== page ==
Oyster fishermen and seafood dealers react to Governor's Council - WLOX.com - The News for South Mississippi

Oyster fishermen and seafood dealers react to Governor's Council on Oysters

The fishermen and seafood dealers we talked with didn't know about the governor's plans to create the oyster council until they saw on the news. (Photo source: WLOX) The fishermen and seafood dealers we talked with didn't know about the governor's plans to create the oyster council until they saw on the news. (Photo source: WLOX)
PASS CHRISTIAN, MS (WLOX) -

What do oyster fishermen and seafood dealers think of the newly created Governor's Oyster Council? Interesting question, since we didn't see any fishermen at Monday's ceremony creating the council. So, WLOX News visited the docks in Pass Christian on Tuesday morning for reaction to the initiative.

The fishermen and seafood dealers we talked with didn't know about the governor's plans to create the oyster council until they saw on the news.

"I'd love to have some improvements. I'd love to see a great future for these oyster reefs. And I hope that this new thing that they're starting will help benefit us," said Darlene Kimball with Kimballs Seafood.

Her business depends on hard working fishermen bringing those oysters ashore. Though recent seasons have been tough, so are the fishermen.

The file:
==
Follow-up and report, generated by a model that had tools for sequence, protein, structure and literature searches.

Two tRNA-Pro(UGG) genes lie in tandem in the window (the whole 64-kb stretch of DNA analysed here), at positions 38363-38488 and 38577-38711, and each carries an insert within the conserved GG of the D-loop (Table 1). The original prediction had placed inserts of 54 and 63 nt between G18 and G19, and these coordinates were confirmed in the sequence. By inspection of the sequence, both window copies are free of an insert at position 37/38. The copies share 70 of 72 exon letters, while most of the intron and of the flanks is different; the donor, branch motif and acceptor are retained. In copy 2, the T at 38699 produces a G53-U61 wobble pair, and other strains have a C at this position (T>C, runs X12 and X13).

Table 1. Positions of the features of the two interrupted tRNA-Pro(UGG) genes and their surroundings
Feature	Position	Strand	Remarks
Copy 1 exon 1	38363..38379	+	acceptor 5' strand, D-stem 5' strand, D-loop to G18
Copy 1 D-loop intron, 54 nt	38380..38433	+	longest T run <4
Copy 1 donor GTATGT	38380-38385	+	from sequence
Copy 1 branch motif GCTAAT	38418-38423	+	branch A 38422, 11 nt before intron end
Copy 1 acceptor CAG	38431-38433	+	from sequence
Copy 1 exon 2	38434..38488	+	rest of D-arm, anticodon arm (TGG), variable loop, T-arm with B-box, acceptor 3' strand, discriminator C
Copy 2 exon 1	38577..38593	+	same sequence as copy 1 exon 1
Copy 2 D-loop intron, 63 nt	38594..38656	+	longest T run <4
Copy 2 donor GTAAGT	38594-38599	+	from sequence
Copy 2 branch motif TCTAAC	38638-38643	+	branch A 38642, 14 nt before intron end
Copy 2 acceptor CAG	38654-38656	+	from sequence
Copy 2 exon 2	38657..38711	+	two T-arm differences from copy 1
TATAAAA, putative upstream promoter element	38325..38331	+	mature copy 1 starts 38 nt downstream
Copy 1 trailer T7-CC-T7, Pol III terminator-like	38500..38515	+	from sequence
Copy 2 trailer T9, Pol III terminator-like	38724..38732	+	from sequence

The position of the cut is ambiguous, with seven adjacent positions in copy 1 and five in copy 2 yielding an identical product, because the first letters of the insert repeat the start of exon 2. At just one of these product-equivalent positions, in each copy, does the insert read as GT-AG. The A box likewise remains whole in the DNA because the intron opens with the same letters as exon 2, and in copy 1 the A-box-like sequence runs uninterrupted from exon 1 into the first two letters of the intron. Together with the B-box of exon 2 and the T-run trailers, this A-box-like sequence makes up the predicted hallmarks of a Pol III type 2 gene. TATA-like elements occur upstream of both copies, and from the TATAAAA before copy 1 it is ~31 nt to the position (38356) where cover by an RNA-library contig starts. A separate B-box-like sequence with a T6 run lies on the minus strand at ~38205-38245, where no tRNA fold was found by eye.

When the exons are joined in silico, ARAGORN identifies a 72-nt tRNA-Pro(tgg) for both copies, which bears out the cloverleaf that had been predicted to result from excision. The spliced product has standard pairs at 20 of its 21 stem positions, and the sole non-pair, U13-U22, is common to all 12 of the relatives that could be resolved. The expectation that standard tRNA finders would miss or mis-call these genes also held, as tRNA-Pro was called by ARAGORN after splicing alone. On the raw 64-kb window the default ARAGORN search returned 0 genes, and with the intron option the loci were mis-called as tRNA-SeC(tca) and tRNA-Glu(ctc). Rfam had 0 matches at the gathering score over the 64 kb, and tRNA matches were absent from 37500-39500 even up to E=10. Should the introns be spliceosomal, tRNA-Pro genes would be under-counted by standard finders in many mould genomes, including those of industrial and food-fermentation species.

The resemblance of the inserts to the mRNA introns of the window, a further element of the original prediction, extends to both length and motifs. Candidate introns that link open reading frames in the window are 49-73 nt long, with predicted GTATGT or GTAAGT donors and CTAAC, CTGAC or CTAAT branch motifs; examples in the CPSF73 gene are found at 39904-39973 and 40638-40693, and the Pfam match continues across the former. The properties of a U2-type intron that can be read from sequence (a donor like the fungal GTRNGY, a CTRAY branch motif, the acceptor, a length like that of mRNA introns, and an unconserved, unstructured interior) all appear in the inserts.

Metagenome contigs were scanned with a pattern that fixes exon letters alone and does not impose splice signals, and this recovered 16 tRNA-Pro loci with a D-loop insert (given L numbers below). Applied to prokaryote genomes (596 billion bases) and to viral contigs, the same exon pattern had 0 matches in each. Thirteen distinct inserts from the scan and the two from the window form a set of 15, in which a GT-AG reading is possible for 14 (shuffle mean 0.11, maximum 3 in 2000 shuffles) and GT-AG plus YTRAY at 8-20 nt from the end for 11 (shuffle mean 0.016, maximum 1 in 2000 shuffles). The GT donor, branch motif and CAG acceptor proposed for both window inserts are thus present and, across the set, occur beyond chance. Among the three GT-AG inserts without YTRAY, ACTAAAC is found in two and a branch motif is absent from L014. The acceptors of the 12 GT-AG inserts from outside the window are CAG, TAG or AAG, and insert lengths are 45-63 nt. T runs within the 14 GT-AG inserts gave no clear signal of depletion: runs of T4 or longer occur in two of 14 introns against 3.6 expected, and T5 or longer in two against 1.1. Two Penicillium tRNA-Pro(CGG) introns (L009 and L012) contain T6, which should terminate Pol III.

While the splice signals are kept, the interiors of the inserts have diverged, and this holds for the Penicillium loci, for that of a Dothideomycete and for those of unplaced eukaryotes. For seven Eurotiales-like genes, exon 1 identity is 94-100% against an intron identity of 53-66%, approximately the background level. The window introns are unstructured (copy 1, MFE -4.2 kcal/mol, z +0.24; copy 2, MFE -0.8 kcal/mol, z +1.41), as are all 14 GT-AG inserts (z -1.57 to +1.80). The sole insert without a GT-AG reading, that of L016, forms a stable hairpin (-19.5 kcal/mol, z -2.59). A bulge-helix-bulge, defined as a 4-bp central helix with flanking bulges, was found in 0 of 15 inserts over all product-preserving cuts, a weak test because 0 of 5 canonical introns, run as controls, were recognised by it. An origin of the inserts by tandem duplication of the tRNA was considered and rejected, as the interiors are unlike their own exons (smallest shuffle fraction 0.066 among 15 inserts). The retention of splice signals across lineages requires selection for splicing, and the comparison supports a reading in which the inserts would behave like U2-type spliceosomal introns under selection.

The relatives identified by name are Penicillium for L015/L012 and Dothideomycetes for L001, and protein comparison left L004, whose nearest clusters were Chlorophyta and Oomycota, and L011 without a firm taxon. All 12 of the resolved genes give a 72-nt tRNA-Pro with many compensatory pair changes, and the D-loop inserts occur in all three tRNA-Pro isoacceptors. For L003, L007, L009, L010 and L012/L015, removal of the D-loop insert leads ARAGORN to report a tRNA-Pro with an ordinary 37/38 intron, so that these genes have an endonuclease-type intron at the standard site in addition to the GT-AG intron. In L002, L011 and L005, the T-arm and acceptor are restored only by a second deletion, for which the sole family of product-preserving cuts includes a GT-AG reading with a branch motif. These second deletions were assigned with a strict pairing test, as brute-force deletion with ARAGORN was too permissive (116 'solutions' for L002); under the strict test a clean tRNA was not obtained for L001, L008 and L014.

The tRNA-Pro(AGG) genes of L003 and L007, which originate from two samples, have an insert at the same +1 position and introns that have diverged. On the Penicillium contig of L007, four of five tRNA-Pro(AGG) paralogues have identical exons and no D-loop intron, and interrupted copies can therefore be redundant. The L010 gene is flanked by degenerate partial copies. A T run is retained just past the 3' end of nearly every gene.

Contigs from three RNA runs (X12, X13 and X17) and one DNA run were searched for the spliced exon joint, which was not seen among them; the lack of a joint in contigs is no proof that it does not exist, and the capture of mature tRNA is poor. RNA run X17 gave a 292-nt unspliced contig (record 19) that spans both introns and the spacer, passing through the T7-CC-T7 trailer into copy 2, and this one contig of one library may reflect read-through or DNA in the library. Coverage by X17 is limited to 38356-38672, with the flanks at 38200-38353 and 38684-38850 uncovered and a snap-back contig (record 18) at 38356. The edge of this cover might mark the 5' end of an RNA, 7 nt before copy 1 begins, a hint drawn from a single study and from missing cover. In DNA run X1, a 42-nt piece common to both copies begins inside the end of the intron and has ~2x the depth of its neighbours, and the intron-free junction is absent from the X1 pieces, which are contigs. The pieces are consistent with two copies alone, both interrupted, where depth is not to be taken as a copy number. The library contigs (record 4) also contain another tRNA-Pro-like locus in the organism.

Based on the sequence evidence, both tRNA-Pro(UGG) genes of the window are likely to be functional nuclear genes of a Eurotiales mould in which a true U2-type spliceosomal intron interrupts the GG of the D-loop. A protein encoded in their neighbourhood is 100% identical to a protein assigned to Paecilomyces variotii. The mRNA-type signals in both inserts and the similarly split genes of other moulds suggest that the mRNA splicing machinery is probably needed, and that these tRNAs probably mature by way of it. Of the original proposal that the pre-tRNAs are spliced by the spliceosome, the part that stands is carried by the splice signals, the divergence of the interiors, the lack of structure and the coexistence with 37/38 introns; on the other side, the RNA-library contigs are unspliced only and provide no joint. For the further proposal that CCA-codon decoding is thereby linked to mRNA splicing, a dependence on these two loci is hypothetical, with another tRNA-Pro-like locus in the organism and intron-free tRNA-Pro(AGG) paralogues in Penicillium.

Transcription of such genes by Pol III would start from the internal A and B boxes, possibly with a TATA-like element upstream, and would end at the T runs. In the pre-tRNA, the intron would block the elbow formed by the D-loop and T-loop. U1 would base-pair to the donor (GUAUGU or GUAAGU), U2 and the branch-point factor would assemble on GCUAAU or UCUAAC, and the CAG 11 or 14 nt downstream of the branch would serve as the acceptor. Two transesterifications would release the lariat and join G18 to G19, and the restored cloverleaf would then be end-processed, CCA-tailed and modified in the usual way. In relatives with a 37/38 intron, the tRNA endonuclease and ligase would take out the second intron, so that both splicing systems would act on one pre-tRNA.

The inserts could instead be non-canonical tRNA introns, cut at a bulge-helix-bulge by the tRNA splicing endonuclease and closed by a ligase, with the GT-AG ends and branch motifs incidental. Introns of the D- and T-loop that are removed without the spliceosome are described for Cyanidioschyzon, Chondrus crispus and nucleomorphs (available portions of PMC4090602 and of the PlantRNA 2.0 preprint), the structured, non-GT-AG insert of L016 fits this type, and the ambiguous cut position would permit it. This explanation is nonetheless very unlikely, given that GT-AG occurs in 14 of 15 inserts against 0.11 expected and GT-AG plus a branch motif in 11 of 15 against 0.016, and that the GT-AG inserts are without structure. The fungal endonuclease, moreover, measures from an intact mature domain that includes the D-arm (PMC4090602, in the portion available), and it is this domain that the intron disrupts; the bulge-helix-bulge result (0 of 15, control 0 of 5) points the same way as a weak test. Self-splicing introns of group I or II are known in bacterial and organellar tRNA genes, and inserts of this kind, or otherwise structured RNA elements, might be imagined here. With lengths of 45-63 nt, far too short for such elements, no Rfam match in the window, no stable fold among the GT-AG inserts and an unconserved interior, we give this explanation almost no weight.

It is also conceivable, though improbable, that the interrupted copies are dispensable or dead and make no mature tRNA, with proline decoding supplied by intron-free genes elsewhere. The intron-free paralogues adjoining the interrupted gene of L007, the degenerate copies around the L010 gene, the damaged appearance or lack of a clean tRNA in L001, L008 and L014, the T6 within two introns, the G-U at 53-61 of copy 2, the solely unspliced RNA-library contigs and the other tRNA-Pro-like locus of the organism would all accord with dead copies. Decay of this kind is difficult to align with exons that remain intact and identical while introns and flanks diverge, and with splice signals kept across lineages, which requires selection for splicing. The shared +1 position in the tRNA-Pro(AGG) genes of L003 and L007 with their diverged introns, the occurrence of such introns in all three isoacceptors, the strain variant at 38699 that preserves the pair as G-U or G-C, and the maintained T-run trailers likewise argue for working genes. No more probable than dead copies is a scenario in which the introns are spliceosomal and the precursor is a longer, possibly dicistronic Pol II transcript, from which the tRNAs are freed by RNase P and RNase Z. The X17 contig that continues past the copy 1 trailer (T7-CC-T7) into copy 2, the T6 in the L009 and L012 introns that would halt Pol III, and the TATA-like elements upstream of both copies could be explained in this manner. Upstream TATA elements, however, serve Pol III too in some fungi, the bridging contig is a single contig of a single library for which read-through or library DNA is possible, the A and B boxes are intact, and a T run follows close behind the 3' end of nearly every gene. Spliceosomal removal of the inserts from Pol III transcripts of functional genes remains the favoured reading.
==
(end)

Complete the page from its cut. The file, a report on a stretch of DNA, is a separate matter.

"I have a bunch of guys that are hanging in because they're true fishermen who want to make these reefs come back. They make their living, this is how they support their family. They want to work. They don't want the oyster reefs closed. They're wanting to work with the government to try and get the reefs back like they used to be," said Kimball.

Fisherman Ray Raymond had no comment about what advice he'd give the new oyster council. As for how to improve the long term health of his industry, he says it's several things.

"Not one single thing. Probably a lot of things. Mother Nature," said the fisherman.

On the docks in Pass Christian, the numbers tell the story. Seafood dealers are unloading just a fraction of the boats they did ten years ago.

"On a good day, we probably unload only eight to ten boats, you know. Used to they would unload 20 or 30 boats, you know," said Jeremy Forte, with Jerry Forte Seafood.

Forte says he's glad to see the industry getting some attention from the governor's council.

"Hopefully, it will be something that will help us out. Because we need it right now," he said.

"I'm in for whatever we can do to benefit the oysters coming back like it used to be. I'm all force for it," says Kimball.

This year's oyster season has been hampered by several shutdowns caused by rainfall. Oyster fishermen say they are still finding their ten sack daily limit on the tonging reef just south of Pass Christian harbor.

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